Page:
http://www.bbc.co.uk/news/uk-politics-36778135


If she crosses her eyes and wishes hard enough, you never know.

Any legal ructions are more likely to focus on the NEC's decision to backdate restrictions on new members' voting rights. People signed up and paid money on the express promise they'd have a vote in the leadership election.

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Response to Denzil_DC (Reply #7)

Tue Jul 12, 2016, 10:24 PM

9. What is the deal with Laura Kuenssberg and Corby anyway?

 

She has been blantly anti-Corbyn(a public position a journalist is NOT supposed to take in regards to any politician)and has been obsessed with getting him removed as leader.

She's a BBC correspondent, not a Labour politician...what's it to her?

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Response to Ken Burch (Reply #9)

Wed Jul 13, 2016, 07:14 AM

15. I don't know how she got the job.

We have our own complaints about BBC news coverage up here in Scotland, and you folks are seeing some similar reasons why nowadays. She's blatantly biased, and should be replaced. But the whole of the BBC's continually cowed by threats to the licence fee etc. The old ideals of impartiality, while obviously being the voice of the Establishment it was originally set up to be, have gone by the wayside.

I pay some attention to its international coverage, which, if you allow for the usual national filters, is still reasonably good on the whole, but on domestic matters, it's just another voice among the hubbub nowadays. Channel 4/ITN News's coverage knocks spots off it on a nightly basis with a far smaller budget.

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Response to Denzil_DC (Reply #15)

Fri Jul 15, 2016, 05:02 AM

32. This is eerily similar to the ABC here in Australia.

The Board is weighted with hard-line r-wingers, and the new MD is a former (take that with a grain of salt) employee of Rupert Murdoch.

Their journalists, once accused by the right of all being socialists, are now blatantly right-wing, arguing and cutting off Labor politicians in interviews, and skewing news reports in the Libs' favour.

It's known that Murdoch thinks the ABC should be broken up into multiple entities and sold off, which would benefit him enormously.

Does he have similar views and influence regarding the Beeb?

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Response to Matilda (Reply #32)

Fri Jul 15, 2016, 06:44 AM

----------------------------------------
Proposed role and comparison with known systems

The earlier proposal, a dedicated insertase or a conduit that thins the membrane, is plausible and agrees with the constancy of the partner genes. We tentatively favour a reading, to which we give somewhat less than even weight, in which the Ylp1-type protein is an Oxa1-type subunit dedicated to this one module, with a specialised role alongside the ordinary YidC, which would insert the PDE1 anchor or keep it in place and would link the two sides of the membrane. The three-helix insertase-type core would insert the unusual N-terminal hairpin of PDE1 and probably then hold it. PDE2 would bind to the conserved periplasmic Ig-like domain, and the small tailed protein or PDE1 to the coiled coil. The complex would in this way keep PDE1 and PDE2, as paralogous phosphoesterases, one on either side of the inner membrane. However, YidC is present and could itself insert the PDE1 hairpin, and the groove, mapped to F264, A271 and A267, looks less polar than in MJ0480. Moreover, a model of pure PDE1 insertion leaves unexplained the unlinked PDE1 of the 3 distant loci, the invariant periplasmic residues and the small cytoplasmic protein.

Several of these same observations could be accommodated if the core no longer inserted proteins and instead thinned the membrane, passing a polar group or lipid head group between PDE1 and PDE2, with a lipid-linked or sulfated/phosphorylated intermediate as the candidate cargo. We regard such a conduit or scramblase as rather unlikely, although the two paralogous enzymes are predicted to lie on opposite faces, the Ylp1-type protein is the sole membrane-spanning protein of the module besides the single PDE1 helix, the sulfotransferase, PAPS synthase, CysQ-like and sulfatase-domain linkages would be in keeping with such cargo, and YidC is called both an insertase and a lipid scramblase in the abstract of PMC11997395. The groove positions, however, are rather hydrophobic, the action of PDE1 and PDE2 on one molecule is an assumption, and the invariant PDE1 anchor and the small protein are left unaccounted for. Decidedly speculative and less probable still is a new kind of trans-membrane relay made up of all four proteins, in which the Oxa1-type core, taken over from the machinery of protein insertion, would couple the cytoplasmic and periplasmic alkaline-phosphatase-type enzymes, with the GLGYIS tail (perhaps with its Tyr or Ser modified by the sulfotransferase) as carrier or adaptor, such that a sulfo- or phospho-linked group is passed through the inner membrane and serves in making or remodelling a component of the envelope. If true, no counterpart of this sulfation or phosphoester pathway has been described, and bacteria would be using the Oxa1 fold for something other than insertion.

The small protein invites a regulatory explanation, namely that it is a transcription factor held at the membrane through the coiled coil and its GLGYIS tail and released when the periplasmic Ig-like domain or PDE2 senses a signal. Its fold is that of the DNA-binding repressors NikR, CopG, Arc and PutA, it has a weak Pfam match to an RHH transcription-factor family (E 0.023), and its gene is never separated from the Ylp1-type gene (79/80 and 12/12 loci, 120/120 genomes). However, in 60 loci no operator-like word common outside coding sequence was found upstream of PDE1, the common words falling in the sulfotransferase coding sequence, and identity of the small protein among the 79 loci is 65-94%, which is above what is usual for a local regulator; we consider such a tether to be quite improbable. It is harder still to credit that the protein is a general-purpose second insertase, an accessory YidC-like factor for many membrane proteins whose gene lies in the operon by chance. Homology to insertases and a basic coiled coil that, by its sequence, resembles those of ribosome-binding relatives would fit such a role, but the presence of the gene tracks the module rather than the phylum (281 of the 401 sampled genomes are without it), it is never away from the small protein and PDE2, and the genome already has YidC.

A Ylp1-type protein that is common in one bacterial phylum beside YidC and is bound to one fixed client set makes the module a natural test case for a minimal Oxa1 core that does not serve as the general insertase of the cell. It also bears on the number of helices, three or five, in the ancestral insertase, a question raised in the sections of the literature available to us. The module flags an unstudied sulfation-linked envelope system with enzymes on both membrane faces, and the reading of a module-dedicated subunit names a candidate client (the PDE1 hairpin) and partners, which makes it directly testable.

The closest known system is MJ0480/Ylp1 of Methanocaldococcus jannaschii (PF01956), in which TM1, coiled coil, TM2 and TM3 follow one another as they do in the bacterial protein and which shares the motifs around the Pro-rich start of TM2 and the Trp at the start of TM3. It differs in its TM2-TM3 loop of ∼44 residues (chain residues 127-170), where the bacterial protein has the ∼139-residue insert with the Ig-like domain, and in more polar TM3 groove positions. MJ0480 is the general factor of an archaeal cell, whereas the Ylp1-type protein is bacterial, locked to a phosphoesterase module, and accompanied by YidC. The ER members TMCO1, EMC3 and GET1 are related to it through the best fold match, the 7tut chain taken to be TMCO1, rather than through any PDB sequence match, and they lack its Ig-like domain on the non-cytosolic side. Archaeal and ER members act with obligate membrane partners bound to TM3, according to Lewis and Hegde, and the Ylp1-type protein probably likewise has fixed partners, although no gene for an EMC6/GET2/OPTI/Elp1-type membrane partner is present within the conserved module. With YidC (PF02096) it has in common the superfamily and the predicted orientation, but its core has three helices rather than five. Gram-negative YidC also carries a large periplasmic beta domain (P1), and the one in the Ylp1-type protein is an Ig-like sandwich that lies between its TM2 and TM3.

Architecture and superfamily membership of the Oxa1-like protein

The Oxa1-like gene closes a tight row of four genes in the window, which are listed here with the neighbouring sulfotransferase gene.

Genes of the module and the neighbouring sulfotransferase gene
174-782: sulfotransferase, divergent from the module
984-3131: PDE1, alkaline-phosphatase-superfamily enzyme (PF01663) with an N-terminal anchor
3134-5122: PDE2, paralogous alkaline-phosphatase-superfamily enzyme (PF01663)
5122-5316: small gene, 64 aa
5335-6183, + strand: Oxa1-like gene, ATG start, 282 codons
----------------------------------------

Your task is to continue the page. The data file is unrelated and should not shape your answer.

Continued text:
33. I'm sure Murdoch loves the idea.

George Osborne met Rupert Murdoch twice before imposing BBC cuts

George Osborne met Rupert Murdoch twice in June, days before the Treasury foisted a controversial funding deal on the BBC in which the broadcaster was told it would have to pay the £700m cost of funding TV licences for the over-75s.

The chancellor also met senior News Corp executives and editors four more times after the general election on 7 May before informing the BBC about the proposed funding settlement officially on 3 July. It was publicly announced three days later.

The records published by the Treasury do not give a precise date for the Murdoch meetings other than to say they were in June, and their purpose is described as “general discussion”.

...

As well as his meetings with Murdoch, the chancellor also had lunch with News Corp chief executive Robert Thomson on 31 May, and met the then Sun editor, David Dinsmore, the following month.

https://www.theguardian.com/media/2015/dec/18/george-osborne-rupert-murdoch-bbc-cuts-news-corp

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Response to Denzil_DC (Reply #33)

Sat Jul 16, 2016, 12:07 AM

34. That's the style we know all too well here.

Politicians of both persuasions fall over themselves to give him what he wants - which ultimately, is more power.

Our media laws, aimed at keeping diversity across all media and forbidding cross-ownership, have steadily been eroded, mainly since the Hawke/Keating and Howard eras to the point where Murdoch now owns 70% of all print media, and it's expected the LNP government will repeal cross-media ownership laws during the current term.